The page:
If your main focus is Berlin, I would stay inside the city limits (i.e. the 'B' zone for public transport) and in easy walking distance of a S or U-Bahn (light rail and subway) station to cut down on transportation cost and time. Luckily for you there are a few villages which have been incorporated into Berlin without loosing their character completely. Marienfelde (especially around the old village green, the village church is the oldest building inside Berlin's city limits) in the south springs immediately to mind, but there are several others. Another idea which may combine your preferences with those of your granddaughter may be Dahlem, the location of the Free University (the American sponsored university of the former West Berlin). Dahlem feels a bit like a mixture of village, rich suburb (lots of villas), and collage town.

Posted by Fred
San Francisco
5068 posts

Kris, That is exactly what Berlin is: a big city, it's huge made even larger when some of the former suburbs, such as Köpenick, Charlottenburg, Spandau, Wannsee, etc were added to the city after WW I. I would also suggest staying in the city, there is indeed this neighborhood feeling whether you're walking around in Köpenick, Charlottenburg, or Prenzlauer Berg, etc. If you are set on staying outside, then Potsdam is the closest and most logical choice. An HI hostel is located there, close to Babelsberg. To be connected by speed train (ICE) instead of the S-Bahn and regional train from Berlin, I would suggest Lutherstadt Wittenberg, a "quiant town." Re: "...any age of history rather than modern." There are tours focusing on WW II and Nazi sites as well as DDR communist period. The concentration camp you're refering to is located a bit north of Berlin in the town of Oranienburg. Other than "modern" history, there are still evidence of Prussian history...don't know of any tours, you just have to look for it in Berlin and Potsdam.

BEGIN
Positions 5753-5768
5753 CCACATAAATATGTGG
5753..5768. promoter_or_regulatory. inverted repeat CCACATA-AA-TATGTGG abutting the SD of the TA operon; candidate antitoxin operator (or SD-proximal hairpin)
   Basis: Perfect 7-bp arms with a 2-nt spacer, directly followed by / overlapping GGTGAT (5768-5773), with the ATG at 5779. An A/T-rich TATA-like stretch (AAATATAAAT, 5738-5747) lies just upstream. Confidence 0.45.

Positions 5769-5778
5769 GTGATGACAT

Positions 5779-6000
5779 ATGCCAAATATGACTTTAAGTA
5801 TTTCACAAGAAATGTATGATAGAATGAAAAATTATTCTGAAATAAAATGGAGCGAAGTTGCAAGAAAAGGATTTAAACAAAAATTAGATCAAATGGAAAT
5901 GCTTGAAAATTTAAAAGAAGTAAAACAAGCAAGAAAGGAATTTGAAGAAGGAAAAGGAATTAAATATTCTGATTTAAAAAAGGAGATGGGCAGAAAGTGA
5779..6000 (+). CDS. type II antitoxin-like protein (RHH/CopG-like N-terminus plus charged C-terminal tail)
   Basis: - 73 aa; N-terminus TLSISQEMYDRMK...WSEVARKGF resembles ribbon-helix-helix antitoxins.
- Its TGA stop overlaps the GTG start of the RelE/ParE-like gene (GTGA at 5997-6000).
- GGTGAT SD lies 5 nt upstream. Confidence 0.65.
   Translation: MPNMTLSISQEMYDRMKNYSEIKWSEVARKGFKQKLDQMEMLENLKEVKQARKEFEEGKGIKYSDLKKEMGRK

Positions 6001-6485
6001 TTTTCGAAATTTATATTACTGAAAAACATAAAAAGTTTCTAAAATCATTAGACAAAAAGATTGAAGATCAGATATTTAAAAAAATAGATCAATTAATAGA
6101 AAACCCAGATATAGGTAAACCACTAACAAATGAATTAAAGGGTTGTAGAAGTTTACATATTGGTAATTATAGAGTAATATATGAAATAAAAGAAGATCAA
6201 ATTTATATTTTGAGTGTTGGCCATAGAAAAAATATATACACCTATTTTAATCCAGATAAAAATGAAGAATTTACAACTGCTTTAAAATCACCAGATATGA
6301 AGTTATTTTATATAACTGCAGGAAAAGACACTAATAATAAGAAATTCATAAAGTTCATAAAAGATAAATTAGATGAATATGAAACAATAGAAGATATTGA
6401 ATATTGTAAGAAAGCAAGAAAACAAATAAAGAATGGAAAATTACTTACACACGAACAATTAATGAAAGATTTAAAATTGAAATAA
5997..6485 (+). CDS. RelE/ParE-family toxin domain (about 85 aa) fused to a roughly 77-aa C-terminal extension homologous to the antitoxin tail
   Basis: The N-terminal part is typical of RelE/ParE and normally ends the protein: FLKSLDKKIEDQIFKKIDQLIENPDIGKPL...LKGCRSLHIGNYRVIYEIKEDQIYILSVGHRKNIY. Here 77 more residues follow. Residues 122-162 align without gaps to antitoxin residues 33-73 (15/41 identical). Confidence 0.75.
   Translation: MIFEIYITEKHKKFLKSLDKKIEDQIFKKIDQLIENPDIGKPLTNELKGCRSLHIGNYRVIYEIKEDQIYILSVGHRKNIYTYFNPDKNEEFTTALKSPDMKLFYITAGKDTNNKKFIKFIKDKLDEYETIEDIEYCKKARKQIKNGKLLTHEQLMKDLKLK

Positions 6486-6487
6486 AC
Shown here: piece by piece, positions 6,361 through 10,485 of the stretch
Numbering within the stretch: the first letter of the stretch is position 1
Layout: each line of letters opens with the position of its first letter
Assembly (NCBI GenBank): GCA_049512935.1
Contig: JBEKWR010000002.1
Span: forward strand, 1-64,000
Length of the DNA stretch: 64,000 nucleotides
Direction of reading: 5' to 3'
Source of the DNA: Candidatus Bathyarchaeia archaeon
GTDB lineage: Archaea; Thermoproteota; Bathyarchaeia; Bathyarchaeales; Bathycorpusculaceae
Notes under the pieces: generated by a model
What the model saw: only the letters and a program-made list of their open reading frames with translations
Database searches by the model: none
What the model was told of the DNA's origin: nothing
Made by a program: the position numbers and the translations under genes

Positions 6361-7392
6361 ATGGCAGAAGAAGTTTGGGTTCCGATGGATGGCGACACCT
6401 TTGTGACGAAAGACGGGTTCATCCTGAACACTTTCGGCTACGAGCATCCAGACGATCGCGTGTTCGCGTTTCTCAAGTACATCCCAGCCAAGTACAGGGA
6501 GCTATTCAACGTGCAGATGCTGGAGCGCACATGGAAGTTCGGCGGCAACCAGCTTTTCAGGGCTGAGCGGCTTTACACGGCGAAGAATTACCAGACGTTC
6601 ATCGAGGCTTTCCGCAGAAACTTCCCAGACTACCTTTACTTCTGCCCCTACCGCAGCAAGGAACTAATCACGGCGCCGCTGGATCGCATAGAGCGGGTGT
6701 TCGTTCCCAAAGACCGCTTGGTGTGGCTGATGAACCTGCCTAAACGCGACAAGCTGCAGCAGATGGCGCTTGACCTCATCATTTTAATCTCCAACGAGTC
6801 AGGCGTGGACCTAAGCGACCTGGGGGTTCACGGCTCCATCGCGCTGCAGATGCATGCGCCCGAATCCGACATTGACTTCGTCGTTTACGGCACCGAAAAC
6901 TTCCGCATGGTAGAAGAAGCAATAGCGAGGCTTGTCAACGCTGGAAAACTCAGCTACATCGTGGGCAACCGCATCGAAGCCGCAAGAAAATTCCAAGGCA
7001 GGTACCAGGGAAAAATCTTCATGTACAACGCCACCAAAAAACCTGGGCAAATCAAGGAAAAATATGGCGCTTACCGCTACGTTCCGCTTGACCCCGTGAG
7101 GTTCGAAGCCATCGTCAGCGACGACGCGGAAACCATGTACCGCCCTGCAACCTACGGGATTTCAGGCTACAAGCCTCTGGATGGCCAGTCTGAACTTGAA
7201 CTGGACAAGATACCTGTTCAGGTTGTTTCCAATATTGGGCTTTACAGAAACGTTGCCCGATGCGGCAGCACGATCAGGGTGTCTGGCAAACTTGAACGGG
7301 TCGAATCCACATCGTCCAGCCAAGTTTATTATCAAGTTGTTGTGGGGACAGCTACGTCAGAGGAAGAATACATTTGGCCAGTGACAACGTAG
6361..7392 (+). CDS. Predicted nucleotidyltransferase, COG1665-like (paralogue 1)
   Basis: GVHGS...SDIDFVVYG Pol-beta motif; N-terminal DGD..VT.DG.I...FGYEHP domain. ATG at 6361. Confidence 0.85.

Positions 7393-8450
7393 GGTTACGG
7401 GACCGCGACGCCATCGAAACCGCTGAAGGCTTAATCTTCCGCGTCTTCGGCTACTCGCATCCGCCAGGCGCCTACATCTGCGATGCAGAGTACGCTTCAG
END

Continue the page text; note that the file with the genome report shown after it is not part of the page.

Posted by Mark
Berlin, Germany
334 posts

The districts of Charlottenburg, Prenzlauer Berg, and so on are both quite big areas and urban. They're not bustling hectic downtown/city center-style urban, but there not like quaint small towns either. They're simply residential urban neighborhoods were people actually live. Potsdam is a city of +150.000 inhabitants, not really a quaint little town. And you'll have to pay more for public transport (zone 'C') because it's outside the city limits. If that's OK you could also look at Oranienburg (near the Sachsenhausen camp), a ~40.000 pop town. Spandau is IMHO closer to the solution: essentially a ~40.000 pop "town" inside Berlin.

Posted by Laura
Virginia, USA
3410 posts

There is so much to do in Berlin that I would suggest that you stay in the city. I think commuting into Berlin will be far more tiring than staying in the city. I stayed in an apartment offered by Berlin Habitat last June. They were very easy to deal with. I stayed in the "Parkview Capri" apartment near the Rosenthaler Platz station and really liked the location. They have several apartments in the same building. There was a small park, lots of local cafes, and it was only about a 20 minute walk to the Museum Insel. I posted a review on tripadvisor.